Russian oligarch, one of the key shareholders of the Alfa Group investment consortium.
KUZMICHEV, Alexei Viktorovich (b. 1962 in Kirov) entered the Moscow Institute of Steel and Alloys (MISiS) in 1983, where he met with German Khan and Mikhail Fridman, his future business partners. In the first year of study, Kuzmichev became a secretary of the Komsomol organization and joined the Communist Party. He graduated from the Institute in 1988 and until 1989, worked with Friedman, and then Khan in the cooperatives Courier, Alpha-photo, and Alpha-Eco (the last two provided the household services, the sale of carpets, copy machines, and computers).
In 1992, Alexey Kuzmichev presented a plan to his partners to scale up their businesses: he proposed them to start oil and metallurgy trading. Already at the end of the year, Crown Trade and Finance, Ltd. was founded, which was later renamed to CTF Holdings. In 1996, the businessman resigned from Alfa-Eco and headed the board of directors of the new company Crown Resources, registered in Switzerland and engaged in oil supplies. The years 2001-2002 were extremely unsuccessful for the billionaire’s business: numerous adverse events could put him on the brink of bankruptcy. The result was the redemption of Crown Resources from Alfa Group and its renaming to Expertica Corporation, which reprofiled from crude oil trading to transactions with oil futures. In the early 2000s, Alexey Kuzmichev returned to Alfa-Eco and became the head of its Board. In 2006, the company received a new name, A1, and continued to oversee the commodity segment of the corporation. He also took part in the management of other companies of the Alfa Group.
Kuzmichev headed the Russian Technologies venture fund for some time, later he was a member of the advisory board of Altimo, an investment telecommunications company belonging to Alfa Group. Kuzmichev indirectly controls about 10 percent of the 6th world’s largest mobile operator, Vimpelcom, 18 percent of one of the largest Russian private banks, Alfa-Bank, and 11 percent of Russia's largest food retail group, X5.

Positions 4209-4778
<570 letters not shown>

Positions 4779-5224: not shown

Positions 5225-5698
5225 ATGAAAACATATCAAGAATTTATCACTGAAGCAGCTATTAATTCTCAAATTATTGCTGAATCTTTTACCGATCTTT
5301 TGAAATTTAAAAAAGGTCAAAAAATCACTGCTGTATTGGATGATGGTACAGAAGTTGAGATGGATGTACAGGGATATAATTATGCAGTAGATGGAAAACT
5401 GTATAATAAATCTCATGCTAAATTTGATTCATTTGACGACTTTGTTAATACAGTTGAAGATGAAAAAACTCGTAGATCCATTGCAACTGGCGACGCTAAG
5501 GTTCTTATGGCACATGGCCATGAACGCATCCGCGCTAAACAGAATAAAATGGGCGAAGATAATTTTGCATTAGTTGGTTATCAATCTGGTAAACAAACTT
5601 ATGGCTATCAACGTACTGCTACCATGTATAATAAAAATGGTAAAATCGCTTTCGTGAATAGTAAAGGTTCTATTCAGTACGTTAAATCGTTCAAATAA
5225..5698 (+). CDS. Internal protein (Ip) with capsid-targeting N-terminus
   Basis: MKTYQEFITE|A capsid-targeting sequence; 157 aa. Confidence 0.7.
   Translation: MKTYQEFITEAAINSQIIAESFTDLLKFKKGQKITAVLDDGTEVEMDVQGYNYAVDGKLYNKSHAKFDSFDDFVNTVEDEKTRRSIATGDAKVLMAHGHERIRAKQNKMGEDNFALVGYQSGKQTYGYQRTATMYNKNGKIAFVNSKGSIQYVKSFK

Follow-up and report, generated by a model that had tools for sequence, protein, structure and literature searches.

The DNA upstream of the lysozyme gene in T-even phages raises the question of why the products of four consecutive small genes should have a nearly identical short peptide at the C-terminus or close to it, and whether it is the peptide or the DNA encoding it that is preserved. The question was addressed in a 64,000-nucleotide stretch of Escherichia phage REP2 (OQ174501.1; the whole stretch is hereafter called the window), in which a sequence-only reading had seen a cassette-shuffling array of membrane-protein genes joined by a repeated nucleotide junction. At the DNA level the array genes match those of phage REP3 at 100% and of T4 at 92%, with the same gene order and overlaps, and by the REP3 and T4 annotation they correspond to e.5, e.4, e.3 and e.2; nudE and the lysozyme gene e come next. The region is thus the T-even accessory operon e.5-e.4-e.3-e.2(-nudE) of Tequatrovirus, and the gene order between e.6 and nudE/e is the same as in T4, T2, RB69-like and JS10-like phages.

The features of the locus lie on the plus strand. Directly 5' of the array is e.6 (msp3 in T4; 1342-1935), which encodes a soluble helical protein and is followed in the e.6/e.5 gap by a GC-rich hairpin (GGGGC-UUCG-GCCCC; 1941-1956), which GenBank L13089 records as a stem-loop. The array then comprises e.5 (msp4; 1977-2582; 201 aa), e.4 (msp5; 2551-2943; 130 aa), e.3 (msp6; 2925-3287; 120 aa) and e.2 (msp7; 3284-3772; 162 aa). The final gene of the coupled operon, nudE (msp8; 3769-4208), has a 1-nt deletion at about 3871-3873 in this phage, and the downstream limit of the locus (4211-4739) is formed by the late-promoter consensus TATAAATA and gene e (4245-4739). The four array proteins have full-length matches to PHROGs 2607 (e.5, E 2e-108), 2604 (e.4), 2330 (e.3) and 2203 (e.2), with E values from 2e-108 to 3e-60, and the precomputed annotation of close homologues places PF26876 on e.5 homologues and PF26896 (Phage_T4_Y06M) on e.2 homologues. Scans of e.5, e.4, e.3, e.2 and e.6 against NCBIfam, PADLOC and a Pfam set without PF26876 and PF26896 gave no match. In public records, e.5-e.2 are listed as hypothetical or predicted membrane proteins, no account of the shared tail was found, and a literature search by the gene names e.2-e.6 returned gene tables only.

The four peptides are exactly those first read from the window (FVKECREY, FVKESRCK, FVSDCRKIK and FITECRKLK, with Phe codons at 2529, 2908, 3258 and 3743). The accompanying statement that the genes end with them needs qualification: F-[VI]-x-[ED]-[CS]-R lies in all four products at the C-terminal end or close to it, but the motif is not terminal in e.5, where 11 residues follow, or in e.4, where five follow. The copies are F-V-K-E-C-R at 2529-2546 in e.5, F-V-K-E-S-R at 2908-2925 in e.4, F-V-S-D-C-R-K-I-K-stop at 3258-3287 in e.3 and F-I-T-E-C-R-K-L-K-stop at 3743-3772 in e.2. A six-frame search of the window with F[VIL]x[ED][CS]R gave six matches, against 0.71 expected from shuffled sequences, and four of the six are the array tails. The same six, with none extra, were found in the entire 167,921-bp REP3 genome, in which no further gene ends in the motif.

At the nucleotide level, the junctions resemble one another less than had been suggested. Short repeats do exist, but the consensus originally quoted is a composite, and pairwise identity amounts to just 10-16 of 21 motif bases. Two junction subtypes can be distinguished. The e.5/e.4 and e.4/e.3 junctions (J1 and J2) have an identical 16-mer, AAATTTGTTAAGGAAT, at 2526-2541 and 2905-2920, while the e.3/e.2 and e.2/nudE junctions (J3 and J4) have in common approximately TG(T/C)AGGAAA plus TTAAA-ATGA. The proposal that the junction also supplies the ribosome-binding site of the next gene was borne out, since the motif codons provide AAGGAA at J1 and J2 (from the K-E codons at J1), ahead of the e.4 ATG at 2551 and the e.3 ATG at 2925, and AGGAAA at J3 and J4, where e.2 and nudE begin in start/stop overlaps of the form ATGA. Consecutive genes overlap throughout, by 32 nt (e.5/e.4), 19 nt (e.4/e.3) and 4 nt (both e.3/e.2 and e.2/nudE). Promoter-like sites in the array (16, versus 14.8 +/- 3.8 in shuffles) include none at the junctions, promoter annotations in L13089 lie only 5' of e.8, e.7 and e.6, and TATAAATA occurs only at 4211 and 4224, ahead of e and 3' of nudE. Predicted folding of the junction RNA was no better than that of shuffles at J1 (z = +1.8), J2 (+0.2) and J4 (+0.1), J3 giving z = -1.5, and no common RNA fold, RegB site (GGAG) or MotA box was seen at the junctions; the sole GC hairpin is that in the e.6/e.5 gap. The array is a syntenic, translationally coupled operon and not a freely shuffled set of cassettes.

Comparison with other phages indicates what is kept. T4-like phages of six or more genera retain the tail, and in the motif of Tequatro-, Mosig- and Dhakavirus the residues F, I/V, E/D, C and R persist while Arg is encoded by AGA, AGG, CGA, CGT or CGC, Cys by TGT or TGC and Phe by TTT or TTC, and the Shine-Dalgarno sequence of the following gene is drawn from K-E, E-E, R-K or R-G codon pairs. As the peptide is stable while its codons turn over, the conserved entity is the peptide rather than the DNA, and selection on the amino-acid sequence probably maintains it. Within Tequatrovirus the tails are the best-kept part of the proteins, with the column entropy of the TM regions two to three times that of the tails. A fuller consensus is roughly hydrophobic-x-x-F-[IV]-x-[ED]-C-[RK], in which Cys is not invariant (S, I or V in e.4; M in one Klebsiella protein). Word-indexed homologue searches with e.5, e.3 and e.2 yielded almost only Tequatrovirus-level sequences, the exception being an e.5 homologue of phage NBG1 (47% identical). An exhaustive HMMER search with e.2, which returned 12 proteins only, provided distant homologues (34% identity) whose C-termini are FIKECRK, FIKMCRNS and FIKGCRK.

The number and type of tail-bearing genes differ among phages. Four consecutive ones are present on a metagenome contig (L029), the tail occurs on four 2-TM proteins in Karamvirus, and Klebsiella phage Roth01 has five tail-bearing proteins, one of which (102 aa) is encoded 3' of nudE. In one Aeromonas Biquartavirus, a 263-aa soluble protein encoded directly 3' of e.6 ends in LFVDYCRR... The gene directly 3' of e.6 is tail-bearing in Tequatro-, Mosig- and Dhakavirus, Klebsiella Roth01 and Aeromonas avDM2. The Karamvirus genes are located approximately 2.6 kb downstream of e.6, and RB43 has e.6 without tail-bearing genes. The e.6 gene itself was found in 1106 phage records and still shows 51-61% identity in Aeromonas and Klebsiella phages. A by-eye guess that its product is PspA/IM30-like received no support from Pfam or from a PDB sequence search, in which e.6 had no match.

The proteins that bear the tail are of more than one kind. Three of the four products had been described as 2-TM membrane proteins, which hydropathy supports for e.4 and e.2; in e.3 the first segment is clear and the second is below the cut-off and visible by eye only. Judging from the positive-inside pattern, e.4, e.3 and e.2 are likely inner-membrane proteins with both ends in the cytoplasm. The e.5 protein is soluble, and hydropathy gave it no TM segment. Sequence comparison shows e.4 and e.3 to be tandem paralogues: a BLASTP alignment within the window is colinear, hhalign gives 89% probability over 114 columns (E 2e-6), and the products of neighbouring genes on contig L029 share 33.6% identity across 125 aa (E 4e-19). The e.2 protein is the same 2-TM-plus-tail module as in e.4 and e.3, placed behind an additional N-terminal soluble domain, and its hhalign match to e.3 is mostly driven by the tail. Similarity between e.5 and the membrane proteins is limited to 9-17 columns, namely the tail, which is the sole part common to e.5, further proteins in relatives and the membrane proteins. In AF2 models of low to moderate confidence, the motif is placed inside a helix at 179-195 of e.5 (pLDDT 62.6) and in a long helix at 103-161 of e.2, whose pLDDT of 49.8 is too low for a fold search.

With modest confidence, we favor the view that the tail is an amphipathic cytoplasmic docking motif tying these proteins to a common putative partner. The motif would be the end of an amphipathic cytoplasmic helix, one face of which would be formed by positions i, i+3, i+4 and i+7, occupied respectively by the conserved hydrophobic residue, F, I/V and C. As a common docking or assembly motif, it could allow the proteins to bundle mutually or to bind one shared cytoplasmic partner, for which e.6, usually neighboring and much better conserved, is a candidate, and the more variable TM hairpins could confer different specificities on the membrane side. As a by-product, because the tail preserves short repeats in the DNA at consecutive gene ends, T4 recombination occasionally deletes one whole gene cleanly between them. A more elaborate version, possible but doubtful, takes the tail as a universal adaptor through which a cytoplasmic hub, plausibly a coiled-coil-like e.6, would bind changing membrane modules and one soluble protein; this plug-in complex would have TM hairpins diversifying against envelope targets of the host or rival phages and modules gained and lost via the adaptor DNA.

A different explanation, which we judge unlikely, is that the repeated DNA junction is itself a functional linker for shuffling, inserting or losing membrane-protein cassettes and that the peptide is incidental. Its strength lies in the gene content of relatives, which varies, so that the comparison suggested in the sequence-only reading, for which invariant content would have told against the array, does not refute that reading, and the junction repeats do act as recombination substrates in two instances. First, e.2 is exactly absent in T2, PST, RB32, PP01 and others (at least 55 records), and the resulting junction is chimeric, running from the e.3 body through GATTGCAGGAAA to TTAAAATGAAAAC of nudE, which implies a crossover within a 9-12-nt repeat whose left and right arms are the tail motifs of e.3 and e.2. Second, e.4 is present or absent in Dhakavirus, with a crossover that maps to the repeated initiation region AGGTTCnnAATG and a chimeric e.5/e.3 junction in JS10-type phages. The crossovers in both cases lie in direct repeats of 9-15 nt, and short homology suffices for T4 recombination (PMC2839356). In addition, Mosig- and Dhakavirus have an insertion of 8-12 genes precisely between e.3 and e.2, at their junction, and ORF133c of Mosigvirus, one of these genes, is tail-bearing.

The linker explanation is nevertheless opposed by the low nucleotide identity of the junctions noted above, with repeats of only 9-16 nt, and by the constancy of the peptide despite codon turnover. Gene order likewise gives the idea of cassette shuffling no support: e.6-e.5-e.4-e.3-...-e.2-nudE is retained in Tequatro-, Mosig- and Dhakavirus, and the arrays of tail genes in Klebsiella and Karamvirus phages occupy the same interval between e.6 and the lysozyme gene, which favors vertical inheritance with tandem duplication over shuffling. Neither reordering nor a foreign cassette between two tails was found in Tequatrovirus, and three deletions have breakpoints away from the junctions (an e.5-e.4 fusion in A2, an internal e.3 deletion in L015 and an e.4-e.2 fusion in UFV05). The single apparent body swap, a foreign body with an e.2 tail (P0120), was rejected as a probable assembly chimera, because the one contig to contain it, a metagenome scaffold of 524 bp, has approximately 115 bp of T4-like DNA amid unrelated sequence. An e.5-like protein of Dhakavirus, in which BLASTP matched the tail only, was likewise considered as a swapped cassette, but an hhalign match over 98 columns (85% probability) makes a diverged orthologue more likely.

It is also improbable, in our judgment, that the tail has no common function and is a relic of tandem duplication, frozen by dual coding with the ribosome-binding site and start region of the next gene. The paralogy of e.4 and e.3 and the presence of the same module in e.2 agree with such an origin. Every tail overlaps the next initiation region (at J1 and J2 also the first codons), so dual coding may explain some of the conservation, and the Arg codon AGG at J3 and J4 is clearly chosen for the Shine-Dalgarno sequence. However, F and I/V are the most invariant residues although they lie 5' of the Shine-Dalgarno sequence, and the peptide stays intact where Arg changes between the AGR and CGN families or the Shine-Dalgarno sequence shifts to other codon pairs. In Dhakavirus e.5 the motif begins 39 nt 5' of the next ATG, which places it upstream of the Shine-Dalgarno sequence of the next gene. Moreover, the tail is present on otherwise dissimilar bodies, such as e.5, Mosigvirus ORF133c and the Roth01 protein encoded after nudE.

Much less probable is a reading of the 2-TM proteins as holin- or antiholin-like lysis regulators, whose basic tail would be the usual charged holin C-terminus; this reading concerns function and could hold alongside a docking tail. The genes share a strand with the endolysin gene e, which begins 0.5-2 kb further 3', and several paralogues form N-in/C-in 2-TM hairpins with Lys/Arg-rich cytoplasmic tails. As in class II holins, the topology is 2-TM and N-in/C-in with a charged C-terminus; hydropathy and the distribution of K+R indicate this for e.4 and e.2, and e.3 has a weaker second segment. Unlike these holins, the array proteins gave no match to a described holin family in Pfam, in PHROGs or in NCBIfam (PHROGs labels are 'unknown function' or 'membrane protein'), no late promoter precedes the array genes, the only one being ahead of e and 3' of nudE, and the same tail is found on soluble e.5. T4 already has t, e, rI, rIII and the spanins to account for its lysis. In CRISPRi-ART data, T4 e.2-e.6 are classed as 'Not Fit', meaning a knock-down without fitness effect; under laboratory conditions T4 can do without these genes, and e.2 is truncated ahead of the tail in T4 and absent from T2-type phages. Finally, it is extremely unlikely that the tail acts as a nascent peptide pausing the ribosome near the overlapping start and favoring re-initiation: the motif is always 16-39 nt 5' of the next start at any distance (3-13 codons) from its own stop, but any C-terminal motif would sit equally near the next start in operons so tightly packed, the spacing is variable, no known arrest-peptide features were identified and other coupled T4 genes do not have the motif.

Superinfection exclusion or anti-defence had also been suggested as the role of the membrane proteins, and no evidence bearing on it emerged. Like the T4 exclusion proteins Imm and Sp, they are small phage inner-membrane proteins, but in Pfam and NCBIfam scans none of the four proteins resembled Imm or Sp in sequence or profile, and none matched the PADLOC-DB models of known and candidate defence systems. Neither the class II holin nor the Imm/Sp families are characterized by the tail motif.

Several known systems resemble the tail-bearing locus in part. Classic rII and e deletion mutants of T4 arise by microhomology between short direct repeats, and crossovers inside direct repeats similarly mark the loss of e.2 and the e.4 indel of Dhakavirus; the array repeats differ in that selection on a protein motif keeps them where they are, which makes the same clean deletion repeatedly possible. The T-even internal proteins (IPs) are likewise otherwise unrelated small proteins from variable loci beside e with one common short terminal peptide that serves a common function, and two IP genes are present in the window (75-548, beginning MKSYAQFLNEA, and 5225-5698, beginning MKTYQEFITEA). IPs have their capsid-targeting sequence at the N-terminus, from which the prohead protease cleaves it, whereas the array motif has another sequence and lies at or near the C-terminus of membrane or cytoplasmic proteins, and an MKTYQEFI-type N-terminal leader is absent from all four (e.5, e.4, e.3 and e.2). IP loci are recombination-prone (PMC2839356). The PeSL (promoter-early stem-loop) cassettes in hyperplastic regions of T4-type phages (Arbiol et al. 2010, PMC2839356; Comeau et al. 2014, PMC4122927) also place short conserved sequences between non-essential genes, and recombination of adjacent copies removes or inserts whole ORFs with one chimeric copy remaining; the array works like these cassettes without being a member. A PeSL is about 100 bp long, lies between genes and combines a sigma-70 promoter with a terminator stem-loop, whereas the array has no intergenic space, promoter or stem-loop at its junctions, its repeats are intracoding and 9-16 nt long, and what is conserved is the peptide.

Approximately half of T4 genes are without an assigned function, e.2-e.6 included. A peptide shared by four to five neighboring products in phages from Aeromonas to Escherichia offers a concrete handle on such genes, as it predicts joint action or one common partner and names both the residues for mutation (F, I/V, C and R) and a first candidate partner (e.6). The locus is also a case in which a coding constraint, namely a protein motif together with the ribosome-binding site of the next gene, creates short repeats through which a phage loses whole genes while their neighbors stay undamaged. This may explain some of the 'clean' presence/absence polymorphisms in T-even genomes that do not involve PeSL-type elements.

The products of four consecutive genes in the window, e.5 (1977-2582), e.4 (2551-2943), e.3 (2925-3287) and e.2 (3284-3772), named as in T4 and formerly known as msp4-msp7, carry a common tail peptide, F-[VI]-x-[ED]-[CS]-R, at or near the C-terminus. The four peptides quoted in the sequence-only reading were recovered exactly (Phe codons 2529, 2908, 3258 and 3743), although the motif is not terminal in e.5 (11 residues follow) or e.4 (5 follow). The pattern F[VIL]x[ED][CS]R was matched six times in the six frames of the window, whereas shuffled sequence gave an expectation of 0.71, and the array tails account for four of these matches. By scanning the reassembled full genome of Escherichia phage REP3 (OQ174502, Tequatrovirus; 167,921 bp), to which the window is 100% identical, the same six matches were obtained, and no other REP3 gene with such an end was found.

In March 2013, he sold his stake in TNK-BP to the state-owned oil company Rosneft for $2.5 billion. In 2019, Alexei Kuzmichyov became the sixteenth in the rating of 20 richest Russian businessmen published by Forbes. In 2018, his net worth decreased by $100 million and amounted to $7.5 billion. Kuzmichev is a Russian citizen and resident of the United Kingdom: since 2001, he has been living in London.
Raider seizures of enterprises, sponsorship of the Saddam Hussein regime, possible participation in the Kremlin’s meddling in the US presidential election.
In the late 90s and early 2000s, Alfa-Eco was at the center of a scandal with raider attacks. In 1996, the bankruptcy proceedings of the Achinsk Alumina Refinery (AGK) began at the suit of creditors. The court appointed Gleb Fetisov, president of Alfa-Eco, as an interim manager. In 1999, Alfa-Eco, with the support of the police, took AGK by force. In March 2001, creditors of the Achinsk plant signed a settlement agreement, and AGK became a part of Rusal. Alfa’s income from the resale of the Achinsk Alumina Refinery in 2000 amounted to 680%. In the summer of 2000, Alfa-Eco bought 42% of the shares of Alphavit Group from the small shareholders and tried to seize the plant. However, the capture attempt failed, but the plant director sold his stake to Rinako, an affiliate of MDM Group. After that, MDM bought the Alpha package as well. In May 2000, Alfa-Eco structures acquired a 50% stake in the trading house that produced Smirnov vodka. Alpha's management tried to negotiate to transfer the remaining 50% with the owner of the company, Boris Smirnov but failed. Then, Alfa-Eco took the company away from Smirnov by force. Similarly, Alfa-Eco took over the Moscow Fat Factory, Volga and Kama pulp and paper mills.
Since 1999, Kuzmichev’s Crown Resources company has been registered in Switzerland and engaged in the supply of oil, worked with countries such as Iran, Iraq, Venezuela, and Cuba. It is noteworthy that in 2006, a special commission led by the former head of the US Federal Reserve Service, Paul Walker, published a report on the implementation of the UN oil-for-food program for Iraq. Crown Resources participated in the program. The Commission concluded that 139 companies participating in the program overpaid the government of Saddam Hussein $229 million more than the amounts stipulated in the contracts. Almost $53 million of them paid the Russian companies. The report said that the money was received in cash at the Iraqi embassy in Moscow, and then Iraqi diplomats transported it to Baghdad in suitcases. The list included Rosneft, Slavneft, Zarubezhneft, LUKOIL, and others. Alfa-Eco and TNK were suspected of illegally paying $2.5 million to Saddam Hussein’s regime.
In January 2018, Alexei Kuzmichev got into the Kremlin list of the US Treasury, a list of Russian officials, politicians, and businessmen close to Vladimir Putin. Assumingly, sanctions may be imposed on these people, as they contributed to the interference of the Kremlin in foreign, including American, elections.